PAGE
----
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By Catholic Online (NEWS CONSORTIUM)

7/8/2014 (11 months ago)

Catholic Online (www.catholic.org)

Oxford University, King's College researchers identify 10 proteins that show imminent onset

The memory-destroying condition known as Alzheimer's, preying chiefly on the elderly, has no known cure. However, after a decade of research, scientists at Oxford University and King's College London have identified 10 proteins that arise when a patient is due to develop Alzheimer's within a year. It's hoped that this breakthrough will lead to a cure for the disease.

The new blood test, which examines 10 proteins in the blood, can predict with 87 percent accuracy whether someone suffering memory problems will develop Alzheimer's within a year.

The new blood test, which examines 10 proteins in the blood, can predict with 87 percent accuracy whether someone suffering memory problems will develop Alzheimer's within a year.

Highlights

By Catholic Online (NEWS CONSORTIUM)

Catholic Online (www.catholic.org)

7/8/2014 (11 months ago)

Published in Health

Keywords: Alzheimer's, blood test, study, proteins


LOS ANGELES, CA (Catholic Online) - Authorities say that clinical trials will start on people who have not yet developed Alzheimer's in order to discover which drugs halt its onset.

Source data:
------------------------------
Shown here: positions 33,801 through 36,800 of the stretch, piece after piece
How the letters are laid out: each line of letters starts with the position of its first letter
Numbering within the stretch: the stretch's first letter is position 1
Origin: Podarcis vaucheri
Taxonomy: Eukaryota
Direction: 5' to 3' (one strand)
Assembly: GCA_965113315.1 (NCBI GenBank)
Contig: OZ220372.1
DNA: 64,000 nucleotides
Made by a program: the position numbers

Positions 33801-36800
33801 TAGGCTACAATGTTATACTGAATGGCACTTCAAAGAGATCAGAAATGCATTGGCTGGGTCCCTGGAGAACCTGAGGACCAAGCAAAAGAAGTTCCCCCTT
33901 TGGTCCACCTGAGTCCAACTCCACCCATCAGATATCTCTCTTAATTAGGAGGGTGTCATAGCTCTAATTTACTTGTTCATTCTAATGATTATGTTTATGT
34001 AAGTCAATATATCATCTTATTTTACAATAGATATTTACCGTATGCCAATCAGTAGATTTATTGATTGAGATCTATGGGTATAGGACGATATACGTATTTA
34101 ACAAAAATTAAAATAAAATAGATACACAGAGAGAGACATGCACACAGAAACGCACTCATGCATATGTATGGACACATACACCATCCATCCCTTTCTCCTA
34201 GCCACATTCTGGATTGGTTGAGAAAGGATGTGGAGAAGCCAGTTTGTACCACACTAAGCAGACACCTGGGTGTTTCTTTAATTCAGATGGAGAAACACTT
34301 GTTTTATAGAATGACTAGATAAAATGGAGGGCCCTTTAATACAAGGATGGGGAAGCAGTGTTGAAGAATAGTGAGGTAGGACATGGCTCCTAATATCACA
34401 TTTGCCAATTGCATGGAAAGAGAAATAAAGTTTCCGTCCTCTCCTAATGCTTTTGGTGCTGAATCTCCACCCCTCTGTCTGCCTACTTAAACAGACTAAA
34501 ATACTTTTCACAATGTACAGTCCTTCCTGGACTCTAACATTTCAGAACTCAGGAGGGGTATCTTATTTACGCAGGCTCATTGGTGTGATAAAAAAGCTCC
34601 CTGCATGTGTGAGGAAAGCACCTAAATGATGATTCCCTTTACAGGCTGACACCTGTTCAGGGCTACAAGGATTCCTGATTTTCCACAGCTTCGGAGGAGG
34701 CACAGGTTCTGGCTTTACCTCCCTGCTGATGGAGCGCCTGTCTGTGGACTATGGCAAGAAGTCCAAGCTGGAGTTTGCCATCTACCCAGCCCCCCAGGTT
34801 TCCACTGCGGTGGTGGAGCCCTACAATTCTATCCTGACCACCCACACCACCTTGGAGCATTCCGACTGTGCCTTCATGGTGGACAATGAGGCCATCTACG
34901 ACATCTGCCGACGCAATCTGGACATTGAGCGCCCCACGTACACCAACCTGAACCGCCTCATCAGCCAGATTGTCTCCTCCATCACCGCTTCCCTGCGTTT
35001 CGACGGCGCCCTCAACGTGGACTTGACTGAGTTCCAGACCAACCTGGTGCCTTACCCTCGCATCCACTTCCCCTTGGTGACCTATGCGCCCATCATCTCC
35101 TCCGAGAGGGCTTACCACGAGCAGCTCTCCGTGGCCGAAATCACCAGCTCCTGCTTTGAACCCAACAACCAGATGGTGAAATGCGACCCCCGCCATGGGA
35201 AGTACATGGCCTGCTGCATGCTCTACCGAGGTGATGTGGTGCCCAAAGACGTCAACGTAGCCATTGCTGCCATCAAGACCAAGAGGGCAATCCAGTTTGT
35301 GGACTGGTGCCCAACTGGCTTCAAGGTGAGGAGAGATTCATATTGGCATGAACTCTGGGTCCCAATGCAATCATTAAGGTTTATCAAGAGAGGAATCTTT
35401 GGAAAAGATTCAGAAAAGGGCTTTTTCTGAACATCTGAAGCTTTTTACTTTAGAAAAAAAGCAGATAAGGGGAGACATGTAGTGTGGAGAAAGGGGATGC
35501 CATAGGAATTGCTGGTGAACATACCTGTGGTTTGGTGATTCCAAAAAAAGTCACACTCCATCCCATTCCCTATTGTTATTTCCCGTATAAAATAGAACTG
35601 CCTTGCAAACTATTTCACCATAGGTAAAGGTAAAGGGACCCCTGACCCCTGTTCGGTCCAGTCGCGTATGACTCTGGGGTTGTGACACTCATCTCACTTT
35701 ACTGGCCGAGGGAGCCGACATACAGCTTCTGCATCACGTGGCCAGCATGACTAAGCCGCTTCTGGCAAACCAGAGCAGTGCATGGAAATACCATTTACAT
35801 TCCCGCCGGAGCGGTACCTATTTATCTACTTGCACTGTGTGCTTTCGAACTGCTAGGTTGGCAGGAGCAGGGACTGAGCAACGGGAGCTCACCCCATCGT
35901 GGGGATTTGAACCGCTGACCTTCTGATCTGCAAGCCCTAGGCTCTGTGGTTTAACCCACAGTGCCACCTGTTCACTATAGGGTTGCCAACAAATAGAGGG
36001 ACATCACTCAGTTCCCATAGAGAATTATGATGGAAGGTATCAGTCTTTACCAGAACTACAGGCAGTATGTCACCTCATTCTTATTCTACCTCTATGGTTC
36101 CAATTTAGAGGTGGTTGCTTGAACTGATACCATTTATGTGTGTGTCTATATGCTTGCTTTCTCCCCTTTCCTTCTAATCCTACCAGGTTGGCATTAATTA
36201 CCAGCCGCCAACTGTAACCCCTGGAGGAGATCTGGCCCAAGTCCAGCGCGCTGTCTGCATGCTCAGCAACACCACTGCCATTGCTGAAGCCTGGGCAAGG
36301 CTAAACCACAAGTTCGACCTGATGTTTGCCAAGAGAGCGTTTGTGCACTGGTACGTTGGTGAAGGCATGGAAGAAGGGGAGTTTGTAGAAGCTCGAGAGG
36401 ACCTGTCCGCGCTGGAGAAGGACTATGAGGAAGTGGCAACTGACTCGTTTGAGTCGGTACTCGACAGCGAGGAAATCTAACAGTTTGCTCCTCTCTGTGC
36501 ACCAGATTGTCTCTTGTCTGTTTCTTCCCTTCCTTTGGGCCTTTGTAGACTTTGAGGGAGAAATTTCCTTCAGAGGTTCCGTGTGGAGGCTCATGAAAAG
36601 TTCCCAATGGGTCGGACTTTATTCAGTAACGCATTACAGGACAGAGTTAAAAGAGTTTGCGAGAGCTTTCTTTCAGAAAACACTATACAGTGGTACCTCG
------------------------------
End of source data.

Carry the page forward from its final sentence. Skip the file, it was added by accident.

The test could be available in as little as two years. Health Secretary Jeremy Hunt says it could revolutionize research into a cure.

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"Although we are making drugs they are all failing. But if we could treat people earlier it may be that the drugs are effective," Simon Lovestone, professor of translational neuroscience at Oxford says.

"Alzheimer's begins to affect the brain many years before patients are diagnosed with the disease. If we could treat the disease in that phase we would in effect have a preventative strategy."

So-called "wonder drugs" such as BACE inhibitors and anti-amyloid agents, have shown little improvement for sufferers. In most cases, by the time Alzheimer's is diagnosed, an irreversible "cascade" of symptoms has already occurred.

The new blood test, which examines 10 proteins in the blood, can predict with 87 percent accuracy whether someone suffering memory problems will develop Alzheimer's within a year.

In the study, blood samples were taken from 1,148 people, 476 of whom had Alzheimer's, 220 with memory problems, and a control group of 452 without any signs of dementia. Researchers found that 16 proteins were associated with brain shrinkage and memory loss and 10 of those could predict whether someone would develop Alzheimer's.

"This is welcome research on an issue we're made a national priority. Developing tests and biomarkers will be important steps forward in the global fight against dementia as we search for a cure," Hunt says.

PET brain scans and plasma in lumbar fluid had previously been used to predict that onset of dementia from mild cognitive impairment. But PET imaging is highly expensive; lumbar punctures are also invasive and carry attendant risks.

The first tests are likely to be available in between two and five years. The study is likely to throw up ethical dilemmas about whether patients should receive potentially devastating news about their future.

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